I was recently at a gathering of entrepreneurs and we talked about our challenges, what we like and what we don’t like about what we do. And one thing struck me: no-one in the group actually enjoyed being the boss (me included). And by that I don’t mean that they don’t value the independence. We all do. But we all see managing people as a necessary evil, a means to an end not the end itself.
And when i thought about it it actually makes sense. Entrepreneurs (or at least the true breed of entrepreneurs) are not people who rise up the ranks and become CEOs. They are mavericks, the round pegs in the square holes, people who don’t abide by social norms or fit in large groups be it social groups or corporations. What drives them is an itch to innovate, to create products that serve customers in ways that are either totally novel or just better than what’s out there already.
I’ve not heard one entrepreneur tell me that they started a business because their dream was to be a manager. In fact most exceptional entrepreneurs are terrible managers. They are visionaries who see what others don’t, they are go-getters who take risks and go out to build what they see. But they are not managers. They are too impatient, temperamental, too firey and passionate, and have high standards. Too high for most people to meet, at least consistently. Managing is something that comes with the ride and has to be thrown into the mix.
Some of the best entrepreneurs of our century are testimony to this. People like Steve Jobs who probably violated every rule in the manager’s rule book, like being brutally honest and harsh with people in order to get a better result. Telling people that their work is ‘crap’ when it doesn’t meet their high standards. And people like Richard Branson who virtually hasn’t managed any of the businesses he created. He creates a new business, brings in people to run it and then moves on to what he does best: dream up his next big thing. And take on anyone who gets in his way!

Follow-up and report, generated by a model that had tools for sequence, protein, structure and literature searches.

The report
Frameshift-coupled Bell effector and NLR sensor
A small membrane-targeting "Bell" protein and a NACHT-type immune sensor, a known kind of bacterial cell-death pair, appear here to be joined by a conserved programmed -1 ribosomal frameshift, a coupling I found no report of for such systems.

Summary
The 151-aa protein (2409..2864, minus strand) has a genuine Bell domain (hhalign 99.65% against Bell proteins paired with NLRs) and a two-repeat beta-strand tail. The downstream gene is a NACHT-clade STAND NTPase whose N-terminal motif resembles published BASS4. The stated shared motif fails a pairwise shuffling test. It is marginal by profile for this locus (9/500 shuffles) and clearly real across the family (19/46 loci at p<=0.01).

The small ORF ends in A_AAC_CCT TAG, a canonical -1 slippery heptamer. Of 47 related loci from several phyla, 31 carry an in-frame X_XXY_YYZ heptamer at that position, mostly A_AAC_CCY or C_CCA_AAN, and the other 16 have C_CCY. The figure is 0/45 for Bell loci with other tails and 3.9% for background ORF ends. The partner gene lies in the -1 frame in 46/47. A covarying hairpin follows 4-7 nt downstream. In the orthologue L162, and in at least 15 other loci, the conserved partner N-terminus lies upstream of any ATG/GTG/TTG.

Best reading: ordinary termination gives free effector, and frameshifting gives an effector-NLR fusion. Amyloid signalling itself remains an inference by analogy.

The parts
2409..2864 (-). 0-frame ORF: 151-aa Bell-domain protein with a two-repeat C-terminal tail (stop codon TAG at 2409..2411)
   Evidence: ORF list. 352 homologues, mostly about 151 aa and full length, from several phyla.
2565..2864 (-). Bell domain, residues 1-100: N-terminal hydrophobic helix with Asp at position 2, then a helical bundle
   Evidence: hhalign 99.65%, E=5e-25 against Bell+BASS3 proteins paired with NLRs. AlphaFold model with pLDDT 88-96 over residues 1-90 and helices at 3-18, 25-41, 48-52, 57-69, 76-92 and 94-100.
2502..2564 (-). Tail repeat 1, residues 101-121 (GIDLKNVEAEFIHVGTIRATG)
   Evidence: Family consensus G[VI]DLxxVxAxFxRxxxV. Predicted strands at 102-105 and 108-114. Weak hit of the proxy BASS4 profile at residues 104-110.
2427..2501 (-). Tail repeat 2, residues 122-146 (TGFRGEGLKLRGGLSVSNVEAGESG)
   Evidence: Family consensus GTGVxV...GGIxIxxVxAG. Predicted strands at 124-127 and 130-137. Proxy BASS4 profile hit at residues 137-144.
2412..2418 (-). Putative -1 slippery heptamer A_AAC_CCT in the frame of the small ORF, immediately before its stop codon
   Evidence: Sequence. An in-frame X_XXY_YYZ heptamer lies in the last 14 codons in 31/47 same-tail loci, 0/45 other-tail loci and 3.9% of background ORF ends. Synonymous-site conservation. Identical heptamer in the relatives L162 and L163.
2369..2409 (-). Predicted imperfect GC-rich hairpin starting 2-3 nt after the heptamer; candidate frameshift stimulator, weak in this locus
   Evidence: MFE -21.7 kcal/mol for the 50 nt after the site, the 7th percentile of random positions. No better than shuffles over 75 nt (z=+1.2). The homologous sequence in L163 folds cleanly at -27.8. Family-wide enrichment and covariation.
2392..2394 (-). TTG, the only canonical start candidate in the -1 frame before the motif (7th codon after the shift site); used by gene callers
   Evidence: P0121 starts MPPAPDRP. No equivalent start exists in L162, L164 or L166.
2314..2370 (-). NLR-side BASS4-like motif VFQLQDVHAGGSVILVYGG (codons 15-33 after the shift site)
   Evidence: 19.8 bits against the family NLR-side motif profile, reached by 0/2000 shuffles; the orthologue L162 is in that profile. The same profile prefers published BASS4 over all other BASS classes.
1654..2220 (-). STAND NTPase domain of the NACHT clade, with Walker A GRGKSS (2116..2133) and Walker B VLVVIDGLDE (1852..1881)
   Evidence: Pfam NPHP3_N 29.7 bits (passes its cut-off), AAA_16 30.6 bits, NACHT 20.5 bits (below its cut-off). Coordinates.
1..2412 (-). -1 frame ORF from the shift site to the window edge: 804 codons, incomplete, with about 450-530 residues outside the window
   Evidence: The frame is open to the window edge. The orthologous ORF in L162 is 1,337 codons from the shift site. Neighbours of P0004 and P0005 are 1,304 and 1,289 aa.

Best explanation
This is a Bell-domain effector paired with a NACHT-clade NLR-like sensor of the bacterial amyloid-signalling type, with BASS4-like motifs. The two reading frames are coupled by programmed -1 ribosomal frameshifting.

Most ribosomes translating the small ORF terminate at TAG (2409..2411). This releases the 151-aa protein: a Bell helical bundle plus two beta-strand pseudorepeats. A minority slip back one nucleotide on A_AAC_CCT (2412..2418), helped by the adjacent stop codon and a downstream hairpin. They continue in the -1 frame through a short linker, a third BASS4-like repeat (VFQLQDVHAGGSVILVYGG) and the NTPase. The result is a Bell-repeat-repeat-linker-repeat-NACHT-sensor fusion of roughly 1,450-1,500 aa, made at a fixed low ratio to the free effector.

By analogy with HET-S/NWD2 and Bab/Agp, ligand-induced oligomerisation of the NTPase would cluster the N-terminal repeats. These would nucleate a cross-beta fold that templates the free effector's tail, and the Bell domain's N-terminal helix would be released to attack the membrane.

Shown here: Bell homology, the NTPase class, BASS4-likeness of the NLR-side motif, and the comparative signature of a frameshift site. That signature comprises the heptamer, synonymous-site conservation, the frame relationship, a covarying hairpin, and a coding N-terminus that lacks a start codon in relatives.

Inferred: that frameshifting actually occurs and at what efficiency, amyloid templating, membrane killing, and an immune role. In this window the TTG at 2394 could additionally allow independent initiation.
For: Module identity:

The good news is that in today’s world you CAN in fact rid yourself from that necessary evil if you just mind-shift. It’s a mind shift I’ve gone through this past year and implemented ruthlessly, yielding great results in my company PeoplePerHour – both financially, but also equally importantly – culturally.
The mind-shift im speaking of is in fact to stop thinking of yourself as the boss. Think of yourself as the customer. And then get your team to think that way too. It’s refreshing and actually surprisingly simple. And creates a very customer-centric culture.
The basic thesis behind this is as follows. If i behave and act as the customer (not ANY customer but SPECIFICALLY the customer we serve as a business), and if my team treats me as one, then we serve the customer better. Dead simple.
And so what this does is it eliminates the things that a ‘boss’ should normally care about. Like all the reasons why things don’t go according to plan. Why things don’t happen. Does the customer care ? No. The customer shows no empathy – they are paying and they want service. As they should. And therefore so should you as the boss.
Equally, it eliminates bureaucracy and unnecessary tact. As a boss you sometimes have the urge to just brutally destroy someone because they are just not delivering or delivering sub standard stuff thats killing your business, for the Nth time. Now in this HR-ridden bureaucratic world we live in there are things a boss shouldn’t say or do. But frankly, a customer won’t give a rat’s ass about those things.